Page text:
Christine: Right. I still think that conversions are an attractive opportunity but less so because of market being down, more so because of secular tax roles may change where I think we’re in a pretty favorable tax climate relative to where we’ll be in the future. So, I think the longterm case for conversions is still there.
Steve: Yeah. A lot of our users for our planning software, we do essentially a lifetime tax forecasting for you based on expected returns and RMDs and so we’re showing you these illustrations, federal and state, and people are saying, “Ah, look, this is going to … this is really material for me. So, it is worth it.” And I think a lot of people believe that taxes are going to have to go up going forward, so …
Christine: I think so too. Yeah, I love that idea of year by year retirement cashflow planning as well as some tax planning related to that. I think that’s so powerful and I would say that I just think financial advisors can add so much value at that life stage because as much as I’ve tried to write about demystifying retirement decumulation, gosh it’s complicated. And it’s really hard to not only write articles about it but create any software program or anything. I know you have one, but it’s really hard to systematize this process of retirement decumulation because we’re all dragging such different assets and situations into retirement. So, I think an advisor can add a ton of value at that life stage.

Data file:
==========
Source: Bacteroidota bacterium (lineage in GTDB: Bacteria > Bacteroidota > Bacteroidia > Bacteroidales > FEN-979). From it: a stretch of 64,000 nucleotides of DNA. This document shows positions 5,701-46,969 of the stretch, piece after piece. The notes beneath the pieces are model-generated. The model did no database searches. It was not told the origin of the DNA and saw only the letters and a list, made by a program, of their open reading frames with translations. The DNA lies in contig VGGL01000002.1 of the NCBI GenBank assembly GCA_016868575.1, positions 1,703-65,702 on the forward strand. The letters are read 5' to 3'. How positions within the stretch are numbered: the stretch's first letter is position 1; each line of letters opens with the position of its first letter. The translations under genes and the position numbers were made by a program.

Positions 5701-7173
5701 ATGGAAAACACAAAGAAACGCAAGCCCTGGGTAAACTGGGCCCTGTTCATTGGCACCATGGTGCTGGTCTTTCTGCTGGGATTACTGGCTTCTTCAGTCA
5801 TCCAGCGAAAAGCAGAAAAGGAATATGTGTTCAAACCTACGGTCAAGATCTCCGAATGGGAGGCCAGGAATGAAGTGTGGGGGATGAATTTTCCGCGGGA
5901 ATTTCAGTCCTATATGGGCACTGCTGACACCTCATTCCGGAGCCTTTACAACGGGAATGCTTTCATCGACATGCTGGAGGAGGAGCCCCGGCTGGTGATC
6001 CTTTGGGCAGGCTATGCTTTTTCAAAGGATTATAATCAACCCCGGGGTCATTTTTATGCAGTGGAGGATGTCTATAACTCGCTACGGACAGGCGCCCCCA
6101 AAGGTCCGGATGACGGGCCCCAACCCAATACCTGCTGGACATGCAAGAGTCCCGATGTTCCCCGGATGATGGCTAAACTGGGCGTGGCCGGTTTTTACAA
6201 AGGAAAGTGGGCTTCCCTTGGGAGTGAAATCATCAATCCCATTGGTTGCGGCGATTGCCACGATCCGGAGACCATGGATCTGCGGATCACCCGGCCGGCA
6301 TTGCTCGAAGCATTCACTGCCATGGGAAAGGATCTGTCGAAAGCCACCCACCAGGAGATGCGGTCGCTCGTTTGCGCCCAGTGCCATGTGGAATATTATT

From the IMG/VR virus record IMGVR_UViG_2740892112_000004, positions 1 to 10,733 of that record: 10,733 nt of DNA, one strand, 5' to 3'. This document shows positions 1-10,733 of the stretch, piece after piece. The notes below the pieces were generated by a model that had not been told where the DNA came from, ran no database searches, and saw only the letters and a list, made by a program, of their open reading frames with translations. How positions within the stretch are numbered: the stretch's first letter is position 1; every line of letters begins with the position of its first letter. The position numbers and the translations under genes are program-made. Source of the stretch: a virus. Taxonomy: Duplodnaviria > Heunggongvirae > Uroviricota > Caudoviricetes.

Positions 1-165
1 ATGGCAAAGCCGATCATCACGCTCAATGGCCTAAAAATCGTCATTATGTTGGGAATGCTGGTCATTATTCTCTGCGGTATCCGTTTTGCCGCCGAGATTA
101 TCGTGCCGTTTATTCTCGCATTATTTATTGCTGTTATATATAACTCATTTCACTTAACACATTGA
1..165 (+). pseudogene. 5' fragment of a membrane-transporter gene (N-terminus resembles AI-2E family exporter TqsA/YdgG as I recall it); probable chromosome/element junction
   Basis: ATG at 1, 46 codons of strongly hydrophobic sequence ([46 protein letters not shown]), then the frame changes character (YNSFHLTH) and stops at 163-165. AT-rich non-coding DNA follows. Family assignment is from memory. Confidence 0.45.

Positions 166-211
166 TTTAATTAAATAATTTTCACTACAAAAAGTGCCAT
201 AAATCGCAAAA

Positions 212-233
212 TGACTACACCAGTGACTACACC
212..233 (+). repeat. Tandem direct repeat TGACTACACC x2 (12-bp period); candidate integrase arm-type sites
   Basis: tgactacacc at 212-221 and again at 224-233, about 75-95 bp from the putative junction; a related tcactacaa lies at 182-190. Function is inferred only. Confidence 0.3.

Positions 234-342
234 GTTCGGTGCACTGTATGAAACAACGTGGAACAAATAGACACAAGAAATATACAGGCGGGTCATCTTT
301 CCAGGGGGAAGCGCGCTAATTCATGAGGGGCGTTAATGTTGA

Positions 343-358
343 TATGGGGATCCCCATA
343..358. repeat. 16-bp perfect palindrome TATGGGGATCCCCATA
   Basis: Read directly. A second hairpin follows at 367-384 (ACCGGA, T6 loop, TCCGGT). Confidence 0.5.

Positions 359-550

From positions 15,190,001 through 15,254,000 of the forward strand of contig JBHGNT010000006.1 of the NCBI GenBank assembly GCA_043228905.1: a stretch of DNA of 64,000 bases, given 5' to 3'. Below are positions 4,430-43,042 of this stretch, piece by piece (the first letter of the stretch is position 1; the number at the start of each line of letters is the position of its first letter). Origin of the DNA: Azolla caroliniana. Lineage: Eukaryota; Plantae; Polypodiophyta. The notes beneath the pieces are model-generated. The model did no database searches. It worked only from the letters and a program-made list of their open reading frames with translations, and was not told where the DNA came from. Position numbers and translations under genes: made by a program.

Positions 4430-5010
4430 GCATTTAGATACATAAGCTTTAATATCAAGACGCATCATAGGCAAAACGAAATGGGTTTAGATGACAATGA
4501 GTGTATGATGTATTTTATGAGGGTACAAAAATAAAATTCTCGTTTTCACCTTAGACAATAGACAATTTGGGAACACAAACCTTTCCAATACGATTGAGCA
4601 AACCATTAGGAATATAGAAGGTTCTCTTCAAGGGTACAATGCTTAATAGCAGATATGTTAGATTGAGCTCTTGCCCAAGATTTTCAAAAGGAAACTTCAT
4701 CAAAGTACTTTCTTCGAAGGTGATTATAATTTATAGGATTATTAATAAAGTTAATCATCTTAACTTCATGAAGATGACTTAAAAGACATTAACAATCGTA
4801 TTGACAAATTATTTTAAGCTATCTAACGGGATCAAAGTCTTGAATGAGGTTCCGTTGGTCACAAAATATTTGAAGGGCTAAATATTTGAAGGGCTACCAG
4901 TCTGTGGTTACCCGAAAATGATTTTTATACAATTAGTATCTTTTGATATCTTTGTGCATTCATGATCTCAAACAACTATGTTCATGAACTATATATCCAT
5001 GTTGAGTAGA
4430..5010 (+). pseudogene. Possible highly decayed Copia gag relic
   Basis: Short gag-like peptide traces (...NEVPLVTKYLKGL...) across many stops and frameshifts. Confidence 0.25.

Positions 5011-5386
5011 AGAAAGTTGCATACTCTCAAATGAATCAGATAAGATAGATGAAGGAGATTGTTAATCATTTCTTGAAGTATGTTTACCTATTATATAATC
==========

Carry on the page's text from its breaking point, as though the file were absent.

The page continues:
Steve: At the end of this I’ll have to give you a little demo, you can try to might be helpful for you. Okay, well, cool. Well, this has been super helpful on the finance side. So, let’s jump into some of the life lessons that you’ve taken away. One of the things I saw is that you did a six week mini retirement and you had some takeaways from that. And just as a comment, I feel like for a lot of us, with this whole pandemic, it’s been like, “Hey, everyone gets to be trapped at home, I can’t really see people. But you can’t really travel.” So, we’re knocking stuff out. But it’s a little bit of a preview and I think some people are like, “Okay, I’m going to have to be pretty thoughtful about what I’m going to do with my time.”